Many home sellers mistakenly consider an “AS IS” sales contract as a release from liability for all faulty or defective conditions on the sale of a home. However, under the landmark case of Johnson v Davis, 480 So. 2d 625 (Fla. 1985) the Florida Supreme Court took a different view.
Florida Supreme Court’s View on “AS IS”
In Johnson, the Florida Supreme Court effectively changed the law in Florida holding that where a seller of a home knows of facts materially affecting the value of the home which are not readily observable and are not known to the buyer, the seller is under a duty to disclose those facts to the buyer.
The effect of Johnson does not make a seller of a home a warrantor of the good condition of the home. Slitor v Elia, 544 So. 2d 255 (Fla. 2d DCA 1989). However, recognizing that in the sale of a home, full disclosure of material facts must be made wherever elementary fair conduct demands it, caveat emptor (or let the buyer beware) is not the rule in Florida residential transactions. Therefore, in the sale of a home, if a seller knows something that materially affects the value of the home which is not readily observable, it must be disclosed. Otherwise, the seller may be subject to various fraud claims or breach of contract claims by the buyer.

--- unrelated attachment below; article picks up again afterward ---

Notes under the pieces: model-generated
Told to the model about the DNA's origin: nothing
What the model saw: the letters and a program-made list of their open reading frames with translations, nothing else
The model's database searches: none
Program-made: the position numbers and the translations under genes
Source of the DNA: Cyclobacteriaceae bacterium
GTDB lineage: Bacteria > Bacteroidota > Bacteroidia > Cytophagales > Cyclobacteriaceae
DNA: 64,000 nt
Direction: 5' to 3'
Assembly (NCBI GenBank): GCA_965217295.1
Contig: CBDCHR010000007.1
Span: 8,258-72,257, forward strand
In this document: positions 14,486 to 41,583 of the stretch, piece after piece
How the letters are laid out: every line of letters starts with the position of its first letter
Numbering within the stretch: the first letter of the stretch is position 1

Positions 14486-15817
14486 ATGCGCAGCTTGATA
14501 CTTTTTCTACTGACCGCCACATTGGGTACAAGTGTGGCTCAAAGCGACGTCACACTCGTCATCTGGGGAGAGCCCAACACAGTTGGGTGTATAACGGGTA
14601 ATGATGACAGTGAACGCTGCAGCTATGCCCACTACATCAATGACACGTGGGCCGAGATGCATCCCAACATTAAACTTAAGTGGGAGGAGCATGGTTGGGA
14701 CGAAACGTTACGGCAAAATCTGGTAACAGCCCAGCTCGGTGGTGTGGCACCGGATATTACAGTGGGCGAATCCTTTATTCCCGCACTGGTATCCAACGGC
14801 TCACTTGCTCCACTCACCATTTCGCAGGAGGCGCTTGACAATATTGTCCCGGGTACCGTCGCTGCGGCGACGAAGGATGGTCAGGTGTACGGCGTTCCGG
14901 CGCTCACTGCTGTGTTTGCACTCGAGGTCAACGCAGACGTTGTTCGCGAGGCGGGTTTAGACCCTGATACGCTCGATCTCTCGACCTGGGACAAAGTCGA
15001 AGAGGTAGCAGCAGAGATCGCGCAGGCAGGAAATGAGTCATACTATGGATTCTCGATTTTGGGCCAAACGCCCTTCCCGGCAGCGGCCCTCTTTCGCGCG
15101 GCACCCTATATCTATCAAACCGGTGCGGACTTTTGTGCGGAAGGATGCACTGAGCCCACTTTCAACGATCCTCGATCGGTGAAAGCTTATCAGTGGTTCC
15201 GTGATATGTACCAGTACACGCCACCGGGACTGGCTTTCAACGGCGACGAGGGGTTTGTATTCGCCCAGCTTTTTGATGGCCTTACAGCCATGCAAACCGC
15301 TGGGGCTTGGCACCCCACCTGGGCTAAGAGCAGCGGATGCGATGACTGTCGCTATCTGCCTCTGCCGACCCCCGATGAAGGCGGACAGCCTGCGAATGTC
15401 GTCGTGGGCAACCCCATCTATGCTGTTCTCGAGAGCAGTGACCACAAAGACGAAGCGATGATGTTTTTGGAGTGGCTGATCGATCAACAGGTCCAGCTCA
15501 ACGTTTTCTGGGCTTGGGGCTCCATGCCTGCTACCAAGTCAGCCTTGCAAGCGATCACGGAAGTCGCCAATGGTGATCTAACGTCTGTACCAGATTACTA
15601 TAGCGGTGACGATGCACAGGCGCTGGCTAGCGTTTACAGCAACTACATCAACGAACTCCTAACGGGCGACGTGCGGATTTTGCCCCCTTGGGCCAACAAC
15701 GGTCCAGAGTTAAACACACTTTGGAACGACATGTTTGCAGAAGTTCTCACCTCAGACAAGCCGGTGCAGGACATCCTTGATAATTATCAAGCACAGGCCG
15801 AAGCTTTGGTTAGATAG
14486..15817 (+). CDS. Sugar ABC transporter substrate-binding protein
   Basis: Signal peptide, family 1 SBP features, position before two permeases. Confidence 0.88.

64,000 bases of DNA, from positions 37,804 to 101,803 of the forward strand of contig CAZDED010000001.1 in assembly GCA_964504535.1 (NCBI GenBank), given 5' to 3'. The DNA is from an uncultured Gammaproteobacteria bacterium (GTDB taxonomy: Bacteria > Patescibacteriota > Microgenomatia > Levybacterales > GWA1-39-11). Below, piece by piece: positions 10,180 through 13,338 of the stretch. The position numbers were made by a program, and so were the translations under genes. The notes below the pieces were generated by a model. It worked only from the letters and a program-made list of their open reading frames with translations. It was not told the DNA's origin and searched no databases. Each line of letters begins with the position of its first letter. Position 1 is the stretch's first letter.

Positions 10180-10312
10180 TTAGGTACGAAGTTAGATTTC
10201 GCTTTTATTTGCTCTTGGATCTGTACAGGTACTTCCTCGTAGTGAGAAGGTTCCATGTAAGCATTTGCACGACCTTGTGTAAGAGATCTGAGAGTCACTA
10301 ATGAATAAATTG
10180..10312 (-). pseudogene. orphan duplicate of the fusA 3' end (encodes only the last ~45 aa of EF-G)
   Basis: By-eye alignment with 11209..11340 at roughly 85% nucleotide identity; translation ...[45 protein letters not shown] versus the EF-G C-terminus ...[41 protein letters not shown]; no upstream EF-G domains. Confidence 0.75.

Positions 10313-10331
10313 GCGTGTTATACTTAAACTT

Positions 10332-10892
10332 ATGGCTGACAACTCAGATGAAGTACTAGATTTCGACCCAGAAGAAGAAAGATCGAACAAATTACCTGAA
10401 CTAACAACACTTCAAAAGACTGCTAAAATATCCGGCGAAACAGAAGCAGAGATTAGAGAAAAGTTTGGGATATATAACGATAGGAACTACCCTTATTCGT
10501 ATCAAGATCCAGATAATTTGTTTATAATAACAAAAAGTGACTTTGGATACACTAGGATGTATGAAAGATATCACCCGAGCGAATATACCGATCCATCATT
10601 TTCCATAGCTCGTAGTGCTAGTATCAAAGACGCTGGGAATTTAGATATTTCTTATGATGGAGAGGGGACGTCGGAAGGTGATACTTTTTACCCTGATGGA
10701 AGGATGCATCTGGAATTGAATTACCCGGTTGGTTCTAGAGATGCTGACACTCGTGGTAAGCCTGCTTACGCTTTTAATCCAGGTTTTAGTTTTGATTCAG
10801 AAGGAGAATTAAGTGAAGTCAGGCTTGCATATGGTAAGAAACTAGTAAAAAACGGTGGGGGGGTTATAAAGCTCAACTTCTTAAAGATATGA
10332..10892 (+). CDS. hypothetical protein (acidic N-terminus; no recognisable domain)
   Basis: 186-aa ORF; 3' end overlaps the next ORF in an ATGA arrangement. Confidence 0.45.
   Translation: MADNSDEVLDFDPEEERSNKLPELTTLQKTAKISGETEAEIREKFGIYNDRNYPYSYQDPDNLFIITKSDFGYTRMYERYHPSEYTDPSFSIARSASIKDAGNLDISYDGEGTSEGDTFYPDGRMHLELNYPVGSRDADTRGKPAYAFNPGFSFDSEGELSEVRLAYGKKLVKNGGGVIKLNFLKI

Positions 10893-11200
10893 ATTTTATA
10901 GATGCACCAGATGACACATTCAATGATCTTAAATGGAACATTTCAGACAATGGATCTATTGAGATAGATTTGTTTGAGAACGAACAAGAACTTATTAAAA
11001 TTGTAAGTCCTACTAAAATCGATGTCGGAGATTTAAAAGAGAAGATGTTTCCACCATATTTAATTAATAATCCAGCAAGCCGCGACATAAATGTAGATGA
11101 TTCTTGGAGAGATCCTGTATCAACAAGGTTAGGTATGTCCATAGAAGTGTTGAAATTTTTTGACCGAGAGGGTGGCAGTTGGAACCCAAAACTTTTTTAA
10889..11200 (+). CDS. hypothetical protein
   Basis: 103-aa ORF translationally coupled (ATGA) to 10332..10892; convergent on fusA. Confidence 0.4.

But my contract expressly states “AS IS”
Subsequent case law makes it clear that the rule also applies to “AS IS” contracts. Syvrud v Today Real Estate, Inc., 858 So. 2d 1125 (Fla.2d DCA 2003); and Solorzano v First Union Mortgage Corporation, 896 So. 2d 847 (Fla. 4th DCA 2005). In fact, most “AS IS” contract forms contain a provision in the agreement whereby a seller represents that the seller knows no facts materially affecting the value of the property which are not readily observable and which have not been disclosed to the buyer.
What should a seller do? It appears that honesty is the best policy. If you know something that fits the Johnson disclosure requirement, disclose it (preferably in writing). Most local realtors will provide you with a prepared disclosure form to aid in ensuring proper disclosures are made. If you are unsure regarding entering a disclosure, it is recommended that you talk to an attorney to fully educate yourself. Indeed, differing circumstances may affect the necessity of disclosure including, without limitation, whether or not a defective or faulty condition has been properly repaired. If you have any questions or concerns regarding this issue, please feel free to contact me at firstname.lastname@example.org or by phone at 239-344-1369.